In this case, if the visual achievement isn’t always outstanding, the staging is . Many scenes take a ‘stalker’ point of view or choose to show it by gazing at (not so) an empty corner of the room, leaving the protagonist aside and unfocused. Therefore, the film must sometimes approach John Carpenter’s first Halloween, which begins with a sequence that is filmed from the point of view of little Mike Myers and which, several times, filmed certain places extensively to imply a surreptitious presence from him. “ghost form”. The invisible man in Leigh Whannel’s eponymous film embodies, in his own right, a sort of evolution of the concept of “Pathetic form. A passing torch that nearly succeeds the film, however, is to be missed as it lifts the veil too early on the initial mystery and falls into many perks. script writing to get out of it.
Likewise, The Invisible Man seems to take inspiration from another classic horror film in its overall vibe: Alone in the Night. In Terence Young’s 1967 film, director of the James Bond franchise’s first film with Sean Connery, the house of a blind woman (played bynkan by Audrey Hepburn) is raided by thugs in search of loot. Heroes will therefore rely on the other four senses to find them, thwart their plans and survive.
The Invisible Man is the photographic negative of this film: the protagonist is not blind but can’t see his attacker at all, invisible. Above all, like Alone at Night, Leigh Whannell’s films play on the fear of the dark, the agony of loneliness and the terrors of the night. We experience these visual, auditory, and sometimes contact hallucinations while, alone in the light of our house, we imagine the possibilities ultimately don’t exist. The antagonist of The Invisible Man plays this phenomenon in order to make its victims think crazy and the film itself arouses the general fear of the audience to facilitate its identification with the protagonist.
The Invisible Man even manages to live up to the audience’s expectations with the last few twists, which are well thought out. However, that didn’t help the excellent Elisabeth Moss (Mad Men, The Handmaid’s Tale), who gave the feature film a fair amount of legitimacy and credibility, to shine and end on a high note. Blame the morality a little too easy and less clever than the other scenarios: to beat the manipulator, you have to be more manipulative than he is. This theory puts an end, without warning, to any sympathy the audience could feel for the daring and easily overthrown Cecilia, the undefeated strategist who had opposed her until then by being, always or nearly, one step ahead.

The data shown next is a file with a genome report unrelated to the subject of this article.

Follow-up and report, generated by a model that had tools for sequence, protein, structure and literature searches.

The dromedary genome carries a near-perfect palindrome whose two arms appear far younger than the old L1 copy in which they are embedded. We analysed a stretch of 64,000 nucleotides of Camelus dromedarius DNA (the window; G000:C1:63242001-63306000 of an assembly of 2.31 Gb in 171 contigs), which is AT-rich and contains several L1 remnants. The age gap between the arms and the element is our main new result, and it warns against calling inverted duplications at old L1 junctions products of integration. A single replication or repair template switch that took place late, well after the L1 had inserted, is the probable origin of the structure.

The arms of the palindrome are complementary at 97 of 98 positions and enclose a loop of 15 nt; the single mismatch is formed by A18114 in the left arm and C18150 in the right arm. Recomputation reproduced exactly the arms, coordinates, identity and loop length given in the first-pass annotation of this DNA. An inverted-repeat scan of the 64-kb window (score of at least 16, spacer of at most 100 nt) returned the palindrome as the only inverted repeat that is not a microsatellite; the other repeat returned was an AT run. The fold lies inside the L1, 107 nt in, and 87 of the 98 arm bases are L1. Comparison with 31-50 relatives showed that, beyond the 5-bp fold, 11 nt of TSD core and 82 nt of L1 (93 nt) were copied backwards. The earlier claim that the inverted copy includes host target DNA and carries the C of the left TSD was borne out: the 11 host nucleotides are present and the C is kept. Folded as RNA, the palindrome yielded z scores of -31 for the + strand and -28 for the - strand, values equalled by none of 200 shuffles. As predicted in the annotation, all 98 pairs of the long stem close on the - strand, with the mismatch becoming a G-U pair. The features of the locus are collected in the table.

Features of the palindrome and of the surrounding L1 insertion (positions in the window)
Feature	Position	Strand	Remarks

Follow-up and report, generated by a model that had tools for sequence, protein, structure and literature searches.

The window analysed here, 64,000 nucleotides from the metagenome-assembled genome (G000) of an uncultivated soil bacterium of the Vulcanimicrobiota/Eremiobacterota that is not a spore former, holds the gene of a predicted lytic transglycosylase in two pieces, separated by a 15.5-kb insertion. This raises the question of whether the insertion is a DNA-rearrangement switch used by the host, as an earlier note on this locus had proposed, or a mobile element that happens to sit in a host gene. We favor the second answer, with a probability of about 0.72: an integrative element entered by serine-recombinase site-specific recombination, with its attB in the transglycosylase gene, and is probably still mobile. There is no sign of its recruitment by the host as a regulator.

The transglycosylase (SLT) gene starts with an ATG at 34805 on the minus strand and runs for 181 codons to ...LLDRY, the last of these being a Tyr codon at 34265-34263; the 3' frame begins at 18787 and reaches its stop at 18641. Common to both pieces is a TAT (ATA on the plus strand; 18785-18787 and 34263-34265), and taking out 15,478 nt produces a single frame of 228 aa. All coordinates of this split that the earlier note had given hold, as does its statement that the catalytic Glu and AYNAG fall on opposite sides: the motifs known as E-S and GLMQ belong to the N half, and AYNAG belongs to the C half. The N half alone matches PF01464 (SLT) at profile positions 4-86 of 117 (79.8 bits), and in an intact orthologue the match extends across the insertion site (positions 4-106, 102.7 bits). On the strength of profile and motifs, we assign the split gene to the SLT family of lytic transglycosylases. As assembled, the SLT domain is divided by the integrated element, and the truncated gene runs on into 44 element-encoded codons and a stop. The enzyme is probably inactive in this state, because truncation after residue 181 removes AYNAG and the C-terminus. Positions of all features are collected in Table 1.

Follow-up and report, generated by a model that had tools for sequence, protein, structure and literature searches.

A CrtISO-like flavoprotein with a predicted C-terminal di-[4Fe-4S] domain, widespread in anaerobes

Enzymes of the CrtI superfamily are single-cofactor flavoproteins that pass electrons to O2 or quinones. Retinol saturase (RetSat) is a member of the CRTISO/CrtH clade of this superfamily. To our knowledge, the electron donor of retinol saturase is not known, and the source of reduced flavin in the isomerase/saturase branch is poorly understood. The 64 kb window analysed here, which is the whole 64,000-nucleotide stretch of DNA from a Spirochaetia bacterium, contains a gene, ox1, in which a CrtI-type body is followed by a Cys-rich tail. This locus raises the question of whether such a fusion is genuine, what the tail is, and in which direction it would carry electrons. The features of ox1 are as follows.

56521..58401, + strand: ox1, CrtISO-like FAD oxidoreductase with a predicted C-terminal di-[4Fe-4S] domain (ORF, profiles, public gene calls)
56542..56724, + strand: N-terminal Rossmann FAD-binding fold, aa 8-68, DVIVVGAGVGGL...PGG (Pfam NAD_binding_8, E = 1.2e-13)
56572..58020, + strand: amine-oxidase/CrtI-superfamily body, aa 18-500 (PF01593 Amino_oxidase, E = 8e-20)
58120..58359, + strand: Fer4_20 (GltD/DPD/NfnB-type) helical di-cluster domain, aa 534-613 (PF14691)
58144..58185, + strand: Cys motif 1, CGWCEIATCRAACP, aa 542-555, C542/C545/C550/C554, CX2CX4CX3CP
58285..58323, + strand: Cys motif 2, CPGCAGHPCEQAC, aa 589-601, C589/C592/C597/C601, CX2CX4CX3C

Also, The Invisible Man loses points for the soundtrack. Such films should play voices in silence and condense them to the viewer’s ears, and not cover them up. He had to keep the audience tense not with a riot of action, but with progressive and measured suspense. Musically, though, the film prefers to take a side of sensationalism with an over-the-top roaring tone that’s more reminiscent of Blade Runner 2049 than Halloween. If they’re relevant in some of the action scenes – including the relatively well-arranged, in the final third, reminiscent of the Upgrade style – of the film, they’re clearly too much in the tense moments.